Canada has the richest cuisine of any northern country, though Canadians are so defensive on the point it once provoked official protest.
In 1959 Ottawa publicly flailed the US publisher Bantam over a cookbook that depicted Canada as a nation of spud-eating hillbillies. “Canadians are exceedingly fond of potatoes and they eat enormous quantities of them prepared in countless ways,” reported the Complete Round-The-World Cookbook, a promotion for Pan-American Airways written by New York food editor Myra Waldo. “The basic items of Canadian diet are few and simple: potatoes, homemade bread and maple syrup.”
Gibberish, said Northern Affairs Minister Alvin Hamilton: “This is more than slightly out of date.” Was it ever in date? Canadian food heritage is Winnipeg goldeye, tourtière and partridgeberry jam; roast duck, strawberry soup and Indian pudding.
In Nothing More Comforting, retired museum curator Dorothy Duncan assembles the best of her Century Home magazine columns chronicling the national diet from pre-Confederation times through the early 20th century. It is “an incredibly complex culinary heritage,” writes Duncan. An example: the diary entry of a York pioneer who recounted Christmas supper at Lake Ontario in 1800: “Soup, roast beef, boiled pork, turkey, plum pudding and minced pies.”
Nothing More Comforting is a jolly collection of recipes early Canadians enjoyed, adapted to the modern kitchen, with a narrative recounting the rituals of cookery. From 1837, “To Cure Hams: Let a leg of pork hang for three days, then beat it with a rolling-pin and rub into it one ounce of saltpeter…”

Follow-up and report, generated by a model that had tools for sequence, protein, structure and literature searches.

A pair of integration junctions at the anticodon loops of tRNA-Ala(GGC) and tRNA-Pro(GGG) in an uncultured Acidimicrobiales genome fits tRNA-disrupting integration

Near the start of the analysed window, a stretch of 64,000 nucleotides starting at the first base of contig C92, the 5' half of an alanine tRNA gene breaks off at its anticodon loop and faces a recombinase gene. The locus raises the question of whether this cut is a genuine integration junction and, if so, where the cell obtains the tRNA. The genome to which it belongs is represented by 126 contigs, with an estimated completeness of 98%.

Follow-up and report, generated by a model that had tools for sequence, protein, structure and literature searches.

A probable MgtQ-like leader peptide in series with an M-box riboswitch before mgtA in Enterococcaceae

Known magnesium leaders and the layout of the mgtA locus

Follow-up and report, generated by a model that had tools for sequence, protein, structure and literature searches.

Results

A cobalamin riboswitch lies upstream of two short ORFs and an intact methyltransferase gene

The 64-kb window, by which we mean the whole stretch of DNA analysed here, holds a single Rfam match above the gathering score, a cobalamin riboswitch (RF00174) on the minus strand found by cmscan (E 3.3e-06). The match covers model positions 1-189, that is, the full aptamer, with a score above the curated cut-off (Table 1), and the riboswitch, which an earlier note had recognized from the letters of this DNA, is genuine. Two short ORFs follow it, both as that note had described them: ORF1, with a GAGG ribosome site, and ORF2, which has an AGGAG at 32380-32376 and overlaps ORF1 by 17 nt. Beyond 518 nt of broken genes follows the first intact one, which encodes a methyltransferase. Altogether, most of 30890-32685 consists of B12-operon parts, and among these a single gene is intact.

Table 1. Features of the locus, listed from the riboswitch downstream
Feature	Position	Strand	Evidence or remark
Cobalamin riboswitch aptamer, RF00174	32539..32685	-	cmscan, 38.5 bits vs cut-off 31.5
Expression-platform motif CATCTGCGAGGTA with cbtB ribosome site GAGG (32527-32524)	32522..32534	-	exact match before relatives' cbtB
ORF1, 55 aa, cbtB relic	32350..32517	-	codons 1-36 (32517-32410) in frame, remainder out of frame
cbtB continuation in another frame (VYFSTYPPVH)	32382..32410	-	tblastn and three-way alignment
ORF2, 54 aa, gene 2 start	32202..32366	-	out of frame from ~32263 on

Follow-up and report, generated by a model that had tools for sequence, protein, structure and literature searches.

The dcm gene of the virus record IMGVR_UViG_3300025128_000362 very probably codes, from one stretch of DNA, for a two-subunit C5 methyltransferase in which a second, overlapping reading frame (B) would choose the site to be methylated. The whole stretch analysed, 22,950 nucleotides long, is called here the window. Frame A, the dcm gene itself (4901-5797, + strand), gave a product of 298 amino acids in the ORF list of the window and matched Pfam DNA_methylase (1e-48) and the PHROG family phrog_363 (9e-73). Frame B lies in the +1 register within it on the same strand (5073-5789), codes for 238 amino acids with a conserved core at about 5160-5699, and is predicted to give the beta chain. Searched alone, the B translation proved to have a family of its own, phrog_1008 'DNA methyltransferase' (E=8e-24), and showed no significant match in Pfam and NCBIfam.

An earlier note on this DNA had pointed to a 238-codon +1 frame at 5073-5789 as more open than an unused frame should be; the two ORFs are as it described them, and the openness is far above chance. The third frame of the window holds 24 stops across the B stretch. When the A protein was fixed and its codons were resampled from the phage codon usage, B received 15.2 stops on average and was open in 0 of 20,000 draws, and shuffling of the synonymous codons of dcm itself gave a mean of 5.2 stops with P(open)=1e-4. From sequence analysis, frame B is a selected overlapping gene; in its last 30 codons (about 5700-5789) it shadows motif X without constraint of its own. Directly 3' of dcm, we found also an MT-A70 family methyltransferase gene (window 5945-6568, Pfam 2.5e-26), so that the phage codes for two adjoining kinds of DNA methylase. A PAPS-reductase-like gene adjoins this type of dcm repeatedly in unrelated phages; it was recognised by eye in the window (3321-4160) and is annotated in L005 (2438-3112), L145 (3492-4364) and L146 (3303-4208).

Duncan delves into “the seductive and sensual properties associated with many vegetables.” She exposes the medicinal value of the common onion. From 1884, “Onion Porridge: Take a Spanish onion as big as you can procure, peel and split into quarters, and put these into a small stewpan with a pint of water, a pat of butter and a little salt; boil gently…an excellent remedy for colds.”
In praising “our long tradition of food,” Duncan rescues heritage recipes lost to time – blueberry grunt and rhubarb fool, potted cheese, cherry soup and Solomon Gundy, a dish of pickled herring.
And, yes, there is maple syrup and potatoes.
By Holly Doan
Nothing More Comforting: Canada’s Heritage Food by Dorothy Duncan; Dundurn Press; 256 pages; ISBN 978-1-4597-0669-9; $19.99